What is a Shock Mount?

Mary McMahon

A shock mount is a device which is used to isolate a microphone from vibration. Shock mounts are commonly seen in use in recording studios and radio stations, where a very high sound quality is expected. They can vary considerably in design and cost, and are usually used with high quality microphones, as a shock mount cannot make up for inherent problems with a low end microphone. Electronics stores, music stores, and stores which stock sound recording equipment often carry shock mounts and can order specialty versions by request if customers need them. People can also order directly from manufacturers of these devices, and some manufacturers are willing to work on custom projects for special needs.

Shock mounts might be used with shotgun microphones.
Shock mounts might be used with shotgun microphones.

Microphones are designed to pick up sound, using a variety of different technologies. Along with wanted sounds, microphones also absorb background noise and they can pick up interference from vibrations. Vibrations can include things like footsteps across the floor of a recording room, movements caused by wind, and so forth, and they can introduce unwanted noise to recordings or broadcasts. Vibrations which seem negligible at the time can translate into high differences in sound quality, making a shock mount an important recording tool to have.

Microphones are devices designed to pick up sounds.
Microphones are devices designed to pick up sounds.

The shock mount suspends a microphone so that it is less vulnerable to vibration. Some of the oldest mounts simply dangled the microphone from elastic, while modern shock mounts can include a series of vibration dampeners and a cage for the microphone which keeps it as isolated as possible for vibrations. The shock mount can be attached to a microphone stand which may be fixed in place, as in a radio station, or movable.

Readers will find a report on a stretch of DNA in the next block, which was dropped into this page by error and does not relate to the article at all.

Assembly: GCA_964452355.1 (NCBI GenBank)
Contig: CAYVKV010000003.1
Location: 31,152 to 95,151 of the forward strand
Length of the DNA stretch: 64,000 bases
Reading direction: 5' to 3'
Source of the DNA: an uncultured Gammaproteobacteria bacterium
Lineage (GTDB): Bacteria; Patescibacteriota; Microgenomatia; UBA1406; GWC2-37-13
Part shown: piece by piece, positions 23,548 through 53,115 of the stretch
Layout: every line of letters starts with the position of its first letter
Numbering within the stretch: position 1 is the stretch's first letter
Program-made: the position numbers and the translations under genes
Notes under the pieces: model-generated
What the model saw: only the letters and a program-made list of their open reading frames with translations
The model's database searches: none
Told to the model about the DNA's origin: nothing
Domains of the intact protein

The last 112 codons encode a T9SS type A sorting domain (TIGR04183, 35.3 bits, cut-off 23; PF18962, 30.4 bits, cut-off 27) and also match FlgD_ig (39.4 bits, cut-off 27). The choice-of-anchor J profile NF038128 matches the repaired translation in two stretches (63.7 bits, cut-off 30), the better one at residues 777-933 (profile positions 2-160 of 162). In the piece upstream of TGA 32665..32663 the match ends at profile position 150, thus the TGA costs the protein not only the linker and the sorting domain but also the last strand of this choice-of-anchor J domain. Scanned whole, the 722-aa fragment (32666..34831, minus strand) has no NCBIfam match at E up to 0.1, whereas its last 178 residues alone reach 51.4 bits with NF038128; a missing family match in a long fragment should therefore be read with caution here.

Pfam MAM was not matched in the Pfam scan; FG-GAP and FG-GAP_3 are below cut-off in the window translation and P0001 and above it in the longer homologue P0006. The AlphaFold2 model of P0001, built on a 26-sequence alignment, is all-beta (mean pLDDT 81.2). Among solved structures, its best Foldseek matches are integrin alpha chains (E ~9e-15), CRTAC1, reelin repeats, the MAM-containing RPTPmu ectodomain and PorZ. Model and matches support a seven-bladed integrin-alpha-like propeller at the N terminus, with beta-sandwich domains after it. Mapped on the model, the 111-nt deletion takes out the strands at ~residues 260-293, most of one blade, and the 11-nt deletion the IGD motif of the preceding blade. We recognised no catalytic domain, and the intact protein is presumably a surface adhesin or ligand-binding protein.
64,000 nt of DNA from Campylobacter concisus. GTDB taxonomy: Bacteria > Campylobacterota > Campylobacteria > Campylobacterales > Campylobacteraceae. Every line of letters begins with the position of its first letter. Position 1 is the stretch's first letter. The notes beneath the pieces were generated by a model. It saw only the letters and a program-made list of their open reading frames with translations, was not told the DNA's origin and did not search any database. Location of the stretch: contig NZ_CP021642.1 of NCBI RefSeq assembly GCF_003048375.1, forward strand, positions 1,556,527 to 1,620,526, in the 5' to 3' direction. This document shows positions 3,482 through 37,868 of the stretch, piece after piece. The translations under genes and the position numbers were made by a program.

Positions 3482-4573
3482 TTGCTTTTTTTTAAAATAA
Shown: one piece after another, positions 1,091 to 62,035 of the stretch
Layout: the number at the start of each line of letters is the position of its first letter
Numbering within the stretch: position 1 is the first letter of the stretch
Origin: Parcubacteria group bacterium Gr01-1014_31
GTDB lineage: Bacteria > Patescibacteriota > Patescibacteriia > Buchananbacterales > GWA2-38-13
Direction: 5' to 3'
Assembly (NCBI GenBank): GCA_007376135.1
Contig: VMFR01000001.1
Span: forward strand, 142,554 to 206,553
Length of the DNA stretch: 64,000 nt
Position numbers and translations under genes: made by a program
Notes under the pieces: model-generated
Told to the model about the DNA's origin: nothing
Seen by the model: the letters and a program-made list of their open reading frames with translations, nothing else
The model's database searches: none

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Shock mounting is strongly recommended for a number of recording settings. While it may be possible to clean up audio in post processing, most sound engineers would prefer to start out with sound which is as crisp and clear as possible. The better the sound to begin with, the less work will be needed to render a high quality recording, and the lower the likelihood of introducing distortion and other problems during processing which attempts to clean up the recording.

Setting up a high quality recording station requires a large investment; if any elements are of sub par quality, the overall sound will decline in quality, even if the rest of the equipment is highly sophisticated. People often consult sound engineers when establishing recording setups to ensure that they purchase the appropriate equipment and design the space in a way which will promote the production of good quality sound.

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